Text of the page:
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We’ve been working on marketing, social media, and a stronger web presence. Part of this includes having you subscribed to this blog for new posts and content. If you’d rather not be subscribed please feel free to unsubscribe… but before you do…
Word of mouth, and repeat customers makes up about 90% of our business. This means a great deal to me. Without that Dailey Woodworks wouldn’t exist. I hope to bring you meaningful and interesting posts of projects, DIY articles, and other resources that will benefit my customers and subscribers. There is also the self-centered goal of staying at the forefront of your mind so Dailey Woodworks will be your first call or referral for new work. I hope to earn that privilege as well.
Thank you for being part of the Dailey Woodworks community, and have a blessed day!
I don’t do a lot of commercial work, but I will for certain situations, namely friends. My mechanic and former employer from WAY back called me to refresh his office space. I wonder why?
The paneling had to go. Scratch that, everything had to go. We did a full gut of the office space. Lights, ceilings, walls, floors all replaced.
We had planned on simply replacing the ceiling tiles on the drop ceiling and painting the cross members, but because it was so old it was easily damaged beyond repair. We redid the entire ceiling and installed new LED office lights. This was the first and hopefully last drop ceiling I install. I think it turned out well.
The next phase was drywall. We did a light knock down texture painted gray. Trim was a nice cream color and doors a deep red.
The old used-to-be-red vinyl tiles were replaced with a nice ceramic. This was installed by a sub-contractor as I’m no good at tile work.
Once the walls were painted, tile work done, and trim installed it was time to install a coffee bar. We went with a budget friendly option by using inexpensive yet high quality stock cabinets. These were solid oak face frames and drawer fronts with complete plywood construction. NEVER buy particle board cabinets. We stained them and installed them. A local countertop company installed some nice granite.
Cleaned up and ready to move back in…
A huge THANK YOU to the owners of B&B Automotive for allowing Dailey Woodworks to renew your office space. If you live in the Brazos Valley and need a good mechanic they are the people to go to.
If you live in the Brazos Valley, and would like me to build a custom Murphy Bed for your home contact me for an estimate.
Shortly before Christmas I was commissioned to build a Murphy Bed. Building a custom Murphy Bed is a project I have been wanting to do for a long time. My wife and I had talked about building one for our guest/craft room, but it just never seemed to happen. So when I got the chance to build one I jumped at the opportunity.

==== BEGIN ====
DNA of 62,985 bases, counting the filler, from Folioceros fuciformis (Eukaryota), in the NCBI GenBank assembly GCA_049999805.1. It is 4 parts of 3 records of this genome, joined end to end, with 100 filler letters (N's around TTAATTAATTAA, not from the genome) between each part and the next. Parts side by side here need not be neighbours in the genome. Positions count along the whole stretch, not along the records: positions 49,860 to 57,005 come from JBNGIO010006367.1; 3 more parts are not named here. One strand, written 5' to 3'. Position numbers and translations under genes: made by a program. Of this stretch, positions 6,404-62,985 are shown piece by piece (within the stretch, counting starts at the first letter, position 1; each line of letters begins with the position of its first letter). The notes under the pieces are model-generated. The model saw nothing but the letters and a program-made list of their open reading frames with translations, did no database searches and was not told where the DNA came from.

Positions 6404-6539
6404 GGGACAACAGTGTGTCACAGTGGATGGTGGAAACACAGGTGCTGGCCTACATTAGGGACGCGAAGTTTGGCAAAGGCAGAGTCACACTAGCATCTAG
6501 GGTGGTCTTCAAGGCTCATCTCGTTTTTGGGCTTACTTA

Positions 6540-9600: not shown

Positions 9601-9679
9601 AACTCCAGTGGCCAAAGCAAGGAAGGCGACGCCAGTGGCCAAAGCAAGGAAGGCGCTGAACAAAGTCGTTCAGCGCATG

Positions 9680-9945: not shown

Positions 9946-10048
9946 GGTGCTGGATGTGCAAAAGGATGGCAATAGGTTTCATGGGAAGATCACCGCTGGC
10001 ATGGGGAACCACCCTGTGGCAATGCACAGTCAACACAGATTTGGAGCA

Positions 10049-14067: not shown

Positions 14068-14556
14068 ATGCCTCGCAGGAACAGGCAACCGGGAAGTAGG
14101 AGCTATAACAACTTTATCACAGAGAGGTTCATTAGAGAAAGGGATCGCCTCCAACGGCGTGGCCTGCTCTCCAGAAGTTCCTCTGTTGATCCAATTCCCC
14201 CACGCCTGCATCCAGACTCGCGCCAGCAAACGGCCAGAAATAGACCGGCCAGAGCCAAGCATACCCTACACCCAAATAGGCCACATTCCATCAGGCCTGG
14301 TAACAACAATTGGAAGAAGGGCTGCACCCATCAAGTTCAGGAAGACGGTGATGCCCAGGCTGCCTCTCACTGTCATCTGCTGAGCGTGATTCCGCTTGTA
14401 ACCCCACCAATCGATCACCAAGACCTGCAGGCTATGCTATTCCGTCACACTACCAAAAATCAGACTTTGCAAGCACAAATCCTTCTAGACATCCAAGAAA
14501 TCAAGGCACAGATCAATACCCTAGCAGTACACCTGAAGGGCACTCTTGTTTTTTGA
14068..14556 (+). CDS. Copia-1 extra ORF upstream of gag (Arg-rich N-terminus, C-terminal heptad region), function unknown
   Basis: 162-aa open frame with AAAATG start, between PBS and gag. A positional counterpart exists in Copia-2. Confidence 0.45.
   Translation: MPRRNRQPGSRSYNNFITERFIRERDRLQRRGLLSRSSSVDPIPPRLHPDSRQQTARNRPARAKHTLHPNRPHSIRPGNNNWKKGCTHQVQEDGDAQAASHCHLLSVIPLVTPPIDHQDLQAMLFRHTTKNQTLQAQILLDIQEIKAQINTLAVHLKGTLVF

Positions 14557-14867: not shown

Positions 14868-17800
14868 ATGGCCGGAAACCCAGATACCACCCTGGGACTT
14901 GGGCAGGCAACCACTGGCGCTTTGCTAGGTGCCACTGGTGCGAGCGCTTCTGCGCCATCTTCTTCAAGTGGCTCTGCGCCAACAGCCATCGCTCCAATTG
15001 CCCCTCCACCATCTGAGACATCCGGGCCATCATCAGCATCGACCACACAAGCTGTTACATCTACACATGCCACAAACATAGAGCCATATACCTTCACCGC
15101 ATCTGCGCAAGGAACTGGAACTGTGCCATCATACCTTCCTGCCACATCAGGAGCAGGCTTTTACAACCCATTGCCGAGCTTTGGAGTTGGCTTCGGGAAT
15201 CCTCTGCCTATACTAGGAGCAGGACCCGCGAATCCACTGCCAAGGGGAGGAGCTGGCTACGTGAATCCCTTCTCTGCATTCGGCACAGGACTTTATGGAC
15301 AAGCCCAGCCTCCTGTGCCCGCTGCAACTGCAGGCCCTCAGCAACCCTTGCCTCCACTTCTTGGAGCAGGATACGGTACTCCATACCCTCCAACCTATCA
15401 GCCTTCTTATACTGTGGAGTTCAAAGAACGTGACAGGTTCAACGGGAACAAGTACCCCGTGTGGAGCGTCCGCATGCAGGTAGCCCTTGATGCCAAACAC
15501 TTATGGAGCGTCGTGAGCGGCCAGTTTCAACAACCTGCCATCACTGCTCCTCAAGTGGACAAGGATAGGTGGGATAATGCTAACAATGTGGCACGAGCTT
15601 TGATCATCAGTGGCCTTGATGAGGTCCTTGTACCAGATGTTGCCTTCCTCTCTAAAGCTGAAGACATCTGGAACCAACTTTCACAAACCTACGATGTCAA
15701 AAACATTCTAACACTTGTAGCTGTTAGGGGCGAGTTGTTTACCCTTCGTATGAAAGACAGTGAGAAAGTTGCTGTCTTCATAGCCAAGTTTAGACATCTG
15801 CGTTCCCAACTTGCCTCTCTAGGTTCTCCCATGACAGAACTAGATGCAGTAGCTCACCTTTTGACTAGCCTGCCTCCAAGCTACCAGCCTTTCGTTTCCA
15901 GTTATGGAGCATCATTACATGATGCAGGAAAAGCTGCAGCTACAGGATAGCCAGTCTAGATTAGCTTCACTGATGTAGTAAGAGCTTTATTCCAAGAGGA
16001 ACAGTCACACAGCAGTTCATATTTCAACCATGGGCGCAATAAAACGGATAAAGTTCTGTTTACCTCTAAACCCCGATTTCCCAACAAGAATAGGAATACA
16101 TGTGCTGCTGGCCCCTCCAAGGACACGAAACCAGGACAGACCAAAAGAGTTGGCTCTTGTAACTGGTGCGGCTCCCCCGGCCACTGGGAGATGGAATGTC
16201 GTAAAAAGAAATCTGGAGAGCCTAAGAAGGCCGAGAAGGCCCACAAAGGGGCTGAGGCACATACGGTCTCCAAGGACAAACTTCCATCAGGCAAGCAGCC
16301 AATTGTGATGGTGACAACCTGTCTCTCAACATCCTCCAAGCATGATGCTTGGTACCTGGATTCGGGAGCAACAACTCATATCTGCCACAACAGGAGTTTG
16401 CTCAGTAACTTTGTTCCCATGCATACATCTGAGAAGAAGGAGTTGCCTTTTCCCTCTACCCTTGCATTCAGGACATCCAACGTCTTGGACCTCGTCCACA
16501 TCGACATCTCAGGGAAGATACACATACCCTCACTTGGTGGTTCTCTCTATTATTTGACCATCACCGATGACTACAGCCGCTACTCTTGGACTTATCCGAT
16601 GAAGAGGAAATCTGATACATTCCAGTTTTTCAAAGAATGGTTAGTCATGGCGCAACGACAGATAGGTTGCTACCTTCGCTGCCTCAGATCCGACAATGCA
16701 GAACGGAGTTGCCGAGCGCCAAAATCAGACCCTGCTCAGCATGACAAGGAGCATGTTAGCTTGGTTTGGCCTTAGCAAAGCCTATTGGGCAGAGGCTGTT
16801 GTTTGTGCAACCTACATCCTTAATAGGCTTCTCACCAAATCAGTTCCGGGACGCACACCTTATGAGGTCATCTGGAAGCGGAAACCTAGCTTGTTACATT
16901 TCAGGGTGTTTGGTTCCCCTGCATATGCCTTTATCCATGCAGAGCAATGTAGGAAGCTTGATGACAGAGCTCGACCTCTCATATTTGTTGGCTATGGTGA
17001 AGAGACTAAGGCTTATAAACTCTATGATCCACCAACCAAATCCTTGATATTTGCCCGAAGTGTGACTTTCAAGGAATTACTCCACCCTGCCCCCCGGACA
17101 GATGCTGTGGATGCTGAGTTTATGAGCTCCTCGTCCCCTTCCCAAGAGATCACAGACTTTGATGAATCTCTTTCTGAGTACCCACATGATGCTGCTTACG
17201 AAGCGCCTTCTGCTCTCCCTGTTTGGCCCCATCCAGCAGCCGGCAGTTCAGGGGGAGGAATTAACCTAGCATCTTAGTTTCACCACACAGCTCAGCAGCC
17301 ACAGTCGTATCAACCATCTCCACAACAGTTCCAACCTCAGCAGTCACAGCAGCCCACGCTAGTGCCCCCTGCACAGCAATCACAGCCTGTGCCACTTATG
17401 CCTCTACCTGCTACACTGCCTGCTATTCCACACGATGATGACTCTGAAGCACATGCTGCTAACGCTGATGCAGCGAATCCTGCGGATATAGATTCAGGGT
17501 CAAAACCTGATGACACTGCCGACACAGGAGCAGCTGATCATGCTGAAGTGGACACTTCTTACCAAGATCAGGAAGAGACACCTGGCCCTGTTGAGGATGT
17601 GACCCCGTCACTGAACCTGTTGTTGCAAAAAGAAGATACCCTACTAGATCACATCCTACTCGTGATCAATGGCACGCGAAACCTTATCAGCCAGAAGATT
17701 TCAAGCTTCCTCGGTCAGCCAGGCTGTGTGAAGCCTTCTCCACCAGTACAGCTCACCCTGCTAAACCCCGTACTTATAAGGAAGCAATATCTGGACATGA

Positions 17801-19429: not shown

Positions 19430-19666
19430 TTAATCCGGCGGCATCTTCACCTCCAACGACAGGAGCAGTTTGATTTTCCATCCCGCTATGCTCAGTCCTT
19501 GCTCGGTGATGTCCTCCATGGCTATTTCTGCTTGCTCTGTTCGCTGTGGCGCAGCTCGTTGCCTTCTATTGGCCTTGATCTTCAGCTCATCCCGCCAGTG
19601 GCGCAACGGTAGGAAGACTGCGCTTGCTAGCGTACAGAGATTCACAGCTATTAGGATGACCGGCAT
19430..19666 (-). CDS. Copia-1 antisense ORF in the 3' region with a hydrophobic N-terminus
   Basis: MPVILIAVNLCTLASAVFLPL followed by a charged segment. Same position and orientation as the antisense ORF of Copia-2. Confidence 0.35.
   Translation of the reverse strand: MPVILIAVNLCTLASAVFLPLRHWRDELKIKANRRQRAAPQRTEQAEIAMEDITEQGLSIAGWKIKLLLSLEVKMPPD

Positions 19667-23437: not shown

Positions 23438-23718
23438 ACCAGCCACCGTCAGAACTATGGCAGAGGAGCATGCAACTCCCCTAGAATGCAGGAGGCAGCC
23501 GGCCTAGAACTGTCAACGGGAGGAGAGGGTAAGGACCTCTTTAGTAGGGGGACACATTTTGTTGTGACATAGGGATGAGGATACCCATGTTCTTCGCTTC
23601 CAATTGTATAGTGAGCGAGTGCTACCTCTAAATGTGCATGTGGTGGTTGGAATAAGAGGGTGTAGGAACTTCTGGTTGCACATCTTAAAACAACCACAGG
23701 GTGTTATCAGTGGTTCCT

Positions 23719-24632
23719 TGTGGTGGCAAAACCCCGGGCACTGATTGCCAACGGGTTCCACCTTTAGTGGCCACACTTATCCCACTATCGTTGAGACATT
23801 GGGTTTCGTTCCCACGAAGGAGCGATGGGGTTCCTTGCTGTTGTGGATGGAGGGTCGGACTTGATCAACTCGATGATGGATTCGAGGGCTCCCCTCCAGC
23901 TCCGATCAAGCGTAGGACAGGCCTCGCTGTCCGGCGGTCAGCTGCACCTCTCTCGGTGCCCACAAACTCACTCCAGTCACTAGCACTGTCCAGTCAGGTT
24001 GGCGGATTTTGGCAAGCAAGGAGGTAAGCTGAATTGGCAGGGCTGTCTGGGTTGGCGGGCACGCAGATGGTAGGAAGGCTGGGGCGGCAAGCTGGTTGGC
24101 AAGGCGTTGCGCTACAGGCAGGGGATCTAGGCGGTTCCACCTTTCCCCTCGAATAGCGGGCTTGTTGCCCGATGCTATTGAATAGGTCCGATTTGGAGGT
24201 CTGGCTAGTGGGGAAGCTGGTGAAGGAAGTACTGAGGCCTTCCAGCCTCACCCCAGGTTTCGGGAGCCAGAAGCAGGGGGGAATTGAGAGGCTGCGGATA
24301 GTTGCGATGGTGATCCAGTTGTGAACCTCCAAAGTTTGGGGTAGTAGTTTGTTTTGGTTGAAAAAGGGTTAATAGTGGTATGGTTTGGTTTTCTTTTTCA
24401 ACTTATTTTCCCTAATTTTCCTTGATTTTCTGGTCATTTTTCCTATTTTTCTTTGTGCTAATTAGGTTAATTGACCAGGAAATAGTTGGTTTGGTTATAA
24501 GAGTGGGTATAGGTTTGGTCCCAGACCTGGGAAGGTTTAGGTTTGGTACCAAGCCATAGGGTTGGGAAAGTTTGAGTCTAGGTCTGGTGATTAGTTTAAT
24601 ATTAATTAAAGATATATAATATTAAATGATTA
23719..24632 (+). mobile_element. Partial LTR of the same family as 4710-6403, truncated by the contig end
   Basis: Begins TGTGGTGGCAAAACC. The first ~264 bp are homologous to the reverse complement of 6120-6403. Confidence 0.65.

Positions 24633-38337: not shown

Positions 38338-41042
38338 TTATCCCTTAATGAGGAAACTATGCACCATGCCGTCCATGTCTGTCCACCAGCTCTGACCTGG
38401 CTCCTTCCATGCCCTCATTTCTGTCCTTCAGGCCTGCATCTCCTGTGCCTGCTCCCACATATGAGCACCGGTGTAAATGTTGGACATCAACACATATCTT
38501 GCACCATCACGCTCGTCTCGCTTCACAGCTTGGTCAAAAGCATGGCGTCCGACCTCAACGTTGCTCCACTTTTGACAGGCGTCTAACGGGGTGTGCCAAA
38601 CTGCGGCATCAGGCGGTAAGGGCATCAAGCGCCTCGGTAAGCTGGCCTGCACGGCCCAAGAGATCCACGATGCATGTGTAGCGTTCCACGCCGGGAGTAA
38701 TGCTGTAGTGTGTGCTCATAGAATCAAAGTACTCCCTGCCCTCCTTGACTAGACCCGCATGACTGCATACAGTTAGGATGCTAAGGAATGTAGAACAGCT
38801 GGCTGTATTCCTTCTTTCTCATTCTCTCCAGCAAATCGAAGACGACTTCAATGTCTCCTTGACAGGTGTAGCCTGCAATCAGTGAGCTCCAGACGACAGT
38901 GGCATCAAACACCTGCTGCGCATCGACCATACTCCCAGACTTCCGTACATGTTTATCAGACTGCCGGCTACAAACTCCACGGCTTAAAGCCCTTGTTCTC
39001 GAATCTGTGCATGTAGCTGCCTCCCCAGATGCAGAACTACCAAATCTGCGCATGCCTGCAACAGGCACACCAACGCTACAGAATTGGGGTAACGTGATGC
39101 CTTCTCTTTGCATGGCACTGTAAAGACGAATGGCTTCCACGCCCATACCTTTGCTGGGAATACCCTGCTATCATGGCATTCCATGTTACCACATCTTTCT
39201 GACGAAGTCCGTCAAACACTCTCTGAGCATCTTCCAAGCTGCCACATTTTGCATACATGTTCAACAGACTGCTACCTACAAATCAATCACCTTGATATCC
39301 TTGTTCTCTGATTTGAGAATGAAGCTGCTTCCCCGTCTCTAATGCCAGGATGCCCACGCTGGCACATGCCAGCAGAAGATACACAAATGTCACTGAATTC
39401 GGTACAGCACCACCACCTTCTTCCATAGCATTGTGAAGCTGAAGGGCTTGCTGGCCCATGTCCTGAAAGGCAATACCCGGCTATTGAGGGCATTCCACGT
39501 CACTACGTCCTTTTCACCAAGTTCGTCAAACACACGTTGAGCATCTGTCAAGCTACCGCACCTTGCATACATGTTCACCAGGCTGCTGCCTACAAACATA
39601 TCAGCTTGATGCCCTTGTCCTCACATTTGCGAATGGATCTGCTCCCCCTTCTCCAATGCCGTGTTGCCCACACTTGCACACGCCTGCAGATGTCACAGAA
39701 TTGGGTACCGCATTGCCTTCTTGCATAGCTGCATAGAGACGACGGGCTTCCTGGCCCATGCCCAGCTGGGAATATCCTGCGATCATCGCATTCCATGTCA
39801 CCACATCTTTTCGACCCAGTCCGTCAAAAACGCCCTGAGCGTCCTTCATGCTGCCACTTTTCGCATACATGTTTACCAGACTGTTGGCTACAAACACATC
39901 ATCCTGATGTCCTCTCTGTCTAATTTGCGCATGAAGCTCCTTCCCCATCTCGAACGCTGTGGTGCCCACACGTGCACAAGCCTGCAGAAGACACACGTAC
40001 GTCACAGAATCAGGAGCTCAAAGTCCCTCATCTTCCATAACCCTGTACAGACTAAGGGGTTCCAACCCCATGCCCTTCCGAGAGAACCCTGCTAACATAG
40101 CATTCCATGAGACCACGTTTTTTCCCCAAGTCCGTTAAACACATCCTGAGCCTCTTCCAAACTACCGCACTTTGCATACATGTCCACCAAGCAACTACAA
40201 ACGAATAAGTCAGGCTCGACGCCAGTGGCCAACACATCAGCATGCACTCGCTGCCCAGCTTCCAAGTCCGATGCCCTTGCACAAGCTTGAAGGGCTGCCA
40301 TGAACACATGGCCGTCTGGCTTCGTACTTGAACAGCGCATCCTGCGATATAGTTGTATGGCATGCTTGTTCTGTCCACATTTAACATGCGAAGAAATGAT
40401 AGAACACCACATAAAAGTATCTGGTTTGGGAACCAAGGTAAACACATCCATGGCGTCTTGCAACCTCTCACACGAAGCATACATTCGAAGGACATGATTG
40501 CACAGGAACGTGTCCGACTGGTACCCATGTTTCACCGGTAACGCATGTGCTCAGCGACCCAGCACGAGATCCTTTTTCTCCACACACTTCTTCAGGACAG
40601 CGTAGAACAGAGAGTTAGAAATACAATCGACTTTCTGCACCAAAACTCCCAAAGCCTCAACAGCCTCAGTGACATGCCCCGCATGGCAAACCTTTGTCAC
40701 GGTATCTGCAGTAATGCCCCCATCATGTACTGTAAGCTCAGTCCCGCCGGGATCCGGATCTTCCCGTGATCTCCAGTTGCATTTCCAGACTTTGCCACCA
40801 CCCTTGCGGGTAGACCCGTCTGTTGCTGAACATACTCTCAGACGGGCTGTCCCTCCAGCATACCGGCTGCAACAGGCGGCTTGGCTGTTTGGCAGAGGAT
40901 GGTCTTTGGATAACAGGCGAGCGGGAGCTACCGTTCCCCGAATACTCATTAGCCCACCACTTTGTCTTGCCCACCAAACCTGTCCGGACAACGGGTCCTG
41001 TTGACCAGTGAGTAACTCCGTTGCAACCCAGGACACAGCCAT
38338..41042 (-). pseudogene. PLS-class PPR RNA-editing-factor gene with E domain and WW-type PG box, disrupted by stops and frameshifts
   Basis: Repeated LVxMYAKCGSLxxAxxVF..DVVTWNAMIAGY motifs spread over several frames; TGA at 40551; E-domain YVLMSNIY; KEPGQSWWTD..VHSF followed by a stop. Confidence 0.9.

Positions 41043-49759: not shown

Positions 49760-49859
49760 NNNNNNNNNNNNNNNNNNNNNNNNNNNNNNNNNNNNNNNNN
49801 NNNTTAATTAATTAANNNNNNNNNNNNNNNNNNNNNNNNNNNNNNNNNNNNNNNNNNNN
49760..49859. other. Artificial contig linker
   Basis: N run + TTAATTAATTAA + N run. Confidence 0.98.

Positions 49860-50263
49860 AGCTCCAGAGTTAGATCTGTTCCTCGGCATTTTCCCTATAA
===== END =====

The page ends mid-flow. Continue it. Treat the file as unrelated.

After some research we chose to use a professionally made hardware kit from Create-a-Bed. There are several less expensive ways of putting a bed together but with something like this hacking together a cheap mechanism just creates problems. By using a high quality hardware kit it saved time and therefore the client money in the end. Also, the hardware comes with a Lifetime Warranty, which is reassuring.
This is what you get in the kit: On each side of the Murphy Bed I built a bookcase. Following the “Rule of thirds” each bookcase is a third of the width of the Murphy bed. I also set the book shelves back from the face of the Murphy bed for some visual appeal.
(The “Rule of Thirds” refers to the idea that the human eye finds a 1:3 and 2:3 ratio visually appealing. Take a look at your doors, cabinets, and dressers and you’ll see this in practice).
We debated painting the bed white, but I’m very happy that we decided to stain it. To add detail I made a faux door frame once again using the “rule of thirds.” to finish it up I added baseboard and crown molding. A Murphy Bed can be taken from a ultra modern look to Victorian depending on the details you choose to add, or not add.
The Murphy Bed itself (for the full size, vertical mount) comes out from the wall 16inches, is 82inches tall, and has a width of 60inches (5ft). Each book case is 82h x 20w x 12d.
The gas struts make raising and lowering the bed easy. A firm tug lowers the bed and it can be closed with one finger. My client is a very small person and had no issues raising and lowering the mechanism.
It is necessary to anchor the bed to at least 3 wall studs. And while it is a semi-permanent addition to your home it can be partially disassembled and moved if the need ever arises.
Murphy Beds can be made to be either vertical or horizontal and are available. in Twin, Full, or Queen sizes.
I love building custom furniture. However, it’s rare that I get orders for custom builds. These bunk beds were built for Peach Creek Ranch, a wedding an event venue serving the area.